Anchorage Mayor extends ‘hunker down’ order and delays tax day

Anchorage Mayor Ethan Berkowitz at the Alaska Public Media studio on March 16.

Anchorage Mayor Ethan Berkowitz announced Friday the city is extending the hunker down order until April 14 in response to the coronavirus pandemic.

And he warned a further extension is likely.

“We cannot say with precision with when it will end, because we are dependent on the trajectory that the disease takes here,” he said.

The emergency order asks residents to minimize social contact and limit movement in the city to essential errands. It also closed non-essential business.

 For the most part, people are complying, he said, and he emphasized that each individual has a responsibility to reduce the risk to Anchorage and to Alaska.

“We need to hammer this virus early,” Berkowitz said, “and the harder and the more disciplined we are in response to it, the shorter period of time we’re going to be caught in its grip and the fewer of us are going to suffer the consequence of infection.”

The mayor also announced property tax bills would be delayed at least a month.

“We need to make sure that people have some measure of stability, get a chance to get their feet underneath them again,” he said.

It is one of several measures the city is taking to reduce the economic hardship the virus has inflicted. No utilities will be shut off, he said, and the city won’t garnish any of the stimulus funds people get from the state or federal government.

He said it’s too early to tell whether the hunker down order is slowing the spread of the disease, but he said there are signs Anchorage is stepping up to the challenge. The city’s code enforcement team has found most businesses are complying, he said.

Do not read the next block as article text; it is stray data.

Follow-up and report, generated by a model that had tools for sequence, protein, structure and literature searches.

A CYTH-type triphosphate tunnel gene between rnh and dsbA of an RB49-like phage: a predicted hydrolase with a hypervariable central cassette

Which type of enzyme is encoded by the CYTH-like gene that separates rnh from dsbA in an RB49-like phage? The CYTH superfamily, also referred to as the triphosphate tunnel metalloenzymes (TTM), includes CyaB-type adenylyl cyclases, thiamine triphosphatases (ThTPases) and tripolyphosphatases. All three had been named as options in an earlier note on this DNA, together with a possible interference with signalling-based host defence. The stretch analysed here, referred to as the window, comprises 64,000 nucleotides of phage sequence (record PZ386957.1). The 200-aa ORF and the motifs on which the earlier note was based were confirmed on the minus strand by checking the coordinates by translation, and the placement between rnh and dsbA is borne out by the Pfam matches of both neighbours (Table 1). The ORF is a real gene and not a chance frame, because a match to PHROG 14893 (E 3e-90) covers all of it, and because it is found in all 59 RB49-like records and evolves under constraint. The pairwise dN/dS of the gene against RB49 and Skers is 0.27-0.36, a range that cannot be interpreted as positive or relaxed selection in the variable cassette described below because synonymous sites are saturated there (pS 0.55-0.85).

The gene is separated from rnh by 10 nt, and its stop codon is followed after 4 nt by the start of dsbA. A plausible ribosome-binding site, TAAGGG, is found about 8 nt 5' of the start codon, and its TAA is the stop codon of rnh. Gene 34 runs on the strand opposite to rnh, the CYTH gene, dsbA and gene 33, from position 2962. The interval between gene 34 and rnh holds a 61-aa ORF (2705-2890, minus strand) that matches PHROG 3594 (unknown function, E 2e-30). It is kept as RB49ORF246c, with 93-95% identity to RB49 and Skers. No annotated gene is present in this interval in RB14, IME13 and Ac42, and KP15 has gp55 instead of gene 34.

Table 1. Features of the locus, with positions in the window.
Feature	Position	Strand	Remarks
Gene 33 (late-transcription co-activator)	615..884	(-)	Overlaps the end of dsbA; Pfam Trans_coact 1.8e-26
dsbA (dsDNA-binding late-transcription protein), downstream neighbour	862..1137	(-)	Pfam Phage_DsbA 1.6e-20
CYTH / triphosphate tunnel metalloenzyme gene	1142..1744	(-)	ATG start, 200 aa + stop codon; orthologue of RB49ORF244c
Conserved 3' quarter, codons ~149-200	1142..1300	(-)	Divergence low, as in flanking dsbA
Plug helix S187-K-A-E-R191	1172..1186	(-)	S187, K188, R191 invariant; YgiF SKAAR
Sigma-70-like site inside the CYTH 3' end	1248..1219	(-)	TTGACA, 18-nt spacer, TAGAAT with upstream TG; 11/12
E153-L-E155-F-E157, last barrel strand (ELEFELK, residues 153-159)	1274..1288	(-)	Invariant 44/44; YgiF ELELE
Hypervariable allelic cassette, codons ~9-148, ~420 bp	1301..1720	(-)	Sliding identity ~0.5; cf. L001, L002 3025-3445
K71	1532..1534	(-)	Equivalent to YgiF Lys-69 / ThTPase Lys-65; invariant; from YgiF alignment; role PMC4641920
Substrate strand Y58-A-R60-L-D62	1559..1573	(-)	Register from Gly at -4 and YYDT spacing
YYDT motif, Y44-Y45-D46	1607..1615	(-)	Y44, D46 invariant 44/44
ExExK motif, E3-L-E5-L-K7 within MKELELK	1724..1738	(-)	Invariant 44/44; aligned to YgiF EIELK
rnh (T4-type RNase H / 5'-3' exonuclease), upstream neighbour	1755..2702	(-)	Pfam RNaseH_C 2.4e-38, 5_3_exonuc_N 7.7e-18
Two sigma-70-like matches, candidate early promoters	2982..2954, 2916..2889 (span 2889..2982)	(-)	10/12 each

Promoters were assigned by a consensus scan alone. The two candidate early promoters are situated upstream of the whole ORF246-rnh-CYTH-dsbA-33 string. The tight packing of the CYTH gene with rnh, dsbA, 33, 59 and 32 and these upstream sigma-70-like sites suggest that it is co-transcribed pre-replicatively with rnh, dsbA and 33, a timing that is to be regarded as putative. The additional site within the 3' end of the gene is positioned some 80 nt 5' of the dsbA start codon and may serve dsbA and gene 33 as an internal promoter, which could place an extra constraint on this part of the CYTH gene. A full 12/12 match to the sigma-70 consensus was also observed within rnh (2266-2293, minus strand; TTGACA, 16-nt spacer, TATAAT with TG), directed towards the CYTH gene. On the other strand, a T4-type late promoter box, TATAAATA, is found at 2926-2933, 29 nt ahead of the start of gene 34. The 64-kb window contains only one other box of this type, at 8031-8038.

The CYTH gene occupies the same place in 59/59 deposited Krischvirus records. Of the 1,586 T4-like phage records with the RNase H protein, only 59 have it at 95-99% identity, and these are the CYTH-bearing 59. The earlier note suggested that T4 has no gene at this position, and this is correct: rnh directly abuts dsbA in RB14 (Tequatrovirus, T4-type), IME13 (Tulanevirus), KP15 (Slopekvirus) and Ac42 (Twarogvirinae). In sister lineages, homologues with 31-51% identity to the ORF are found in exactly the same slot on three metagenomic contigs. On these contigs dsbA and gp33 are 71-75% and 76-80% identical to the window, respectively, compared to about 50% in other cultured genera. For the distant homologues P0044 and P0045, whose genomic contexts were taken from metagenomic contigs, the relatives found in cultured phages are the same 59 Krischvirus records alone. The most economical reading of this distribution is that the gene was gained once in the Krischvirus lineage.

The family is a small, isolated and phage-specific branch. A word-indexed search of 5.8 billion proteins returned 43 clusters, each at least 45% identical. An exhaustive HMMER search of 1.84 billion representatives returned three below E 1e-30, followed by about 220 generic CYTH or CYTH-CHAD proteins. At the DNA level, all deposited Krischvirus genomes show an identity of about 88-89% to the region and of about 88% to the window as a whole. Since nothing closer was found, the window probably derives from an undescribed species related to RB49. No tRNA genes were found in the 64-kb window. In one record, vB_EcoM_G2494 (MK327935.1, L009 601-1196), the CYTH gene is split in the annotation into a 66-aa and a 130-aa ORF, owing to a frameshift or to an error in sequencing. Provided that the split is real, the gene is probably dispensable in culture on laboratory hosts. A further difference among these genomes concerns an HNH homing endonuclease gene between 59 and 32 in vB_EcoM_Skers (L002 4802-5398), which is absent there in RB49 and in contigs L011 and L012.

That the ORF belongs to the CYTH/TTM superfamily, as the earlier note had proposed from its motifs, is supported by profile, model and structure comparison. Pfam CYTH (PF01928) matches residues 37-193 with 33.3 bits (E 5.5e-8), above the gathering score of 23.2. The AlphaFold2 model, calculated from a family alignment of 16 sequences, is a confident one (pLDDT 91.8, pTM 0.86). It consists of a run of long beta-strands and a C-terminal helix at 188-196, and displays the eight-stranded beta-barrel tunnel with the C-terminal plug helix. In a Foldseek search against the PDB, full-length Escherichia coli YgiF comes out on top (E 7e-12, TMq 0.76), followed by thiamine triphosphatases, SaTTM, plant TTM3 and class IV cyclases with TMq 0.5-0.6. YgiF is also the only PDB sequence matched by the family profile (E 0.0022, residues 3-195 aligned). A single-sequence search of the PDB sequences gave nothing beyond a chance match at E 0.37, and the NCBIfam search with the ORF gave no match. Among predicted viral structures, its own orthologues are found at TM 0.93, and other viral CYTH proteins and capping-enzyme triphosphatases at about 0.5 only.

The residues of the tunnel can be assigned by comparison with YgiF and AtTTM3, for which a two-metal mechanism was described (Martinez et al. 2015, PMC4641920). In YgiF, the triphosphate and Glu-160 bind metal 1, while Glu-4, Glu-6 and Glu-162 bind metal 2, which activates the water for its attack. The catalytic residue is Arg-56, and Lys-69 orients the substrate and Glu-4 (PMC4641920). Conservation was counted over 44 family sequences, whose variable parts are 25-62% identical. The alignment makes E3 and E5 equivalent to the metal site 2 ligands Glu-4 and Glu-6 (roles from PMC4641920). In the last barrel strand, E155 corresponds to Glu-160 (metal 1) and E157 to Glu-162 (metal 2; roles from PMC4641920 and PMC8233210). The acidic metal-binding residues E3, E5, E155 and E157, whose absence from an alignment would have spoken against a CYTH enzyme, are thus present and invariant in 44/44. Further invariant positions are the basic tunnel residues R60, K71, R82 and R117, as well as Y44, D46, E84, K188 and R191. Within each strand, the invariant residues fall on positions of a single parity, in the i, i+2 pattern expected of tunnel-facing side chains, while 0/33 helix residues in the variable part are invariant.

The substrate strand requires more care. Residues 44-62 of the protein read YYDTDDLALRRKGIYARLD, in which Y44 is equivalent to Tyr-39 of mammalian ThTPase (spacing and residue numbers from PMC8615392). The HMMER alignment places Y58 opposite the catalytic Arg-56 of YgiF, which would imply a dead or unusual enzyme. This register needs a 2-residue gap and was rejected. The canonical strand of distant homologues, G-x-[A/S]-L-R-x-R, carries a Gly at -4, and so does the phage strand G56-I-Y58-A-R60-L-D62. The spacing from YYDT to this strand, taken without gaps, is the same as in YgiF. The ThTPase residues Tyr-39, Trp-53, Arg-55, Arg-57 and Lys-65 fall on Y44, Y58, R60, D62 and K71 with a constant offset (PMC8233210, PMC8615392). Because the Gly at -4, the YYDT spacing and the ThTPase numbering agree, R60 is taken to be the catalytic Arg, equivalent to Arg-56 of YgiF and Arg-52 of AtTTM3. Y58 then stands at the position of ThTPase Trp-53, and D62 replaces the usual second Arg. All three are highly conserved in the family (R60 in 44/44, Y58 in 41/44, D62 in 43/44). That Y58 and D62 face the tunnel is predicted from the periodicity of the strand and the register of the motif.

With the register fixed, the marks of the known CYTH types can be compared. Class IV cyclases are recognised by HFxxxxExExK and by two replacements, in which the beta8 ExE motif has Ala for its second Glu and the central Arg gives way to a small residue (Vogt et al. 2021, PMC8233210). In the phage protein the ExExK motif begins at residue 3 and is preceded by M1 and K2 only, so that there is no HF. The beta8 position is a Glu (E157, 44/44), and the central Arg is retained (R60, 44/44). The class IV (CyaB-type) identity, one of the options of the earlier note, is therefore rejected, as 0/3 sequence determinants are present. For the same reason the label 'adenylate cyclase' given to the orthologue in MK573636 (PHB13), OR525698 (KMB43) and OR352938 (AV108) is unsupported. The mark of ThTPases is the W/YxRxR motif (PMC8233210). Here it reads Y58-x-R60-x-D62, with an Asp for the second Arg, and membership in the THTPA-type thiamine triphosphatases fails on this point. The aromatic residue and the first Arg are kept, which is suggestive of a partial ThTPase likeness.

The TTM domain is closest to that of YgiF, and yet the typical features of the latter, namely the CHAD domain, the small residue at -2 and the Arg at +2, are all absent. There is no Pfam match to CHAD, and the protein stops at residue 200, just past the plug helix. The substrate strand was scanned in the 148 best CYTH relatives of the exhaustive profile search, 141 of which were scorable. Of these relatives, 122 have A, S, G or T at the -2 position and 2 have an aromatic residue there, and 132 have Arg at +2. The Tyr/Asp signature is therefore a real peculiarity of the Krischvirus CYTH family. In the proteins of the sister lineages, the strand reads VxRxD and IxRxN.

“We have had conversations with people who should be closing down or curtailing operations. We haven’t issued  any fines,” he said. “We have the ability to do that.”

He also cited a report from a company that tracks data from cell phone signals. It says the miles travelled by Anchorage cell phone users is down considerably. (It’s a rough proxy for social distancing, since it would also include activities that do not put a person in contact with others.)

Berkowitz said people who want to report violations can contact his office.

The original order was to expire on March 31.

Read the latest coverage of the coronavirus in Alaska

Reporter Liz Ruskin contributed to this story.

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Annie Feidt is the Managing Editor for Alaska's Energy Desk, a collaboration between Alaska Public Media in Anchorage, KTOO Public Media in Juneau and KUCB in Unalaska. Her reporting has taken her searching for polar bears on the Chukchi Sea ice, out to remote checkpoints on the Iditarod Trail, and up on the Eklutna Glacier with scientists studying its retreat. Her stories have been heard nationally on NPR and Marketplace. Annie’s career in radio journalism began in 1998 at Minnesota Public Radio, where she produced the regional edition of All Things Considered. She moved to Anchorage in 2004 with her husband, intending to stay in the 49th state just a few years. She has no plans to leave anytime soon. afeidt (at) alaskapublic (dot) org  |  907.550.8443 | About Annie

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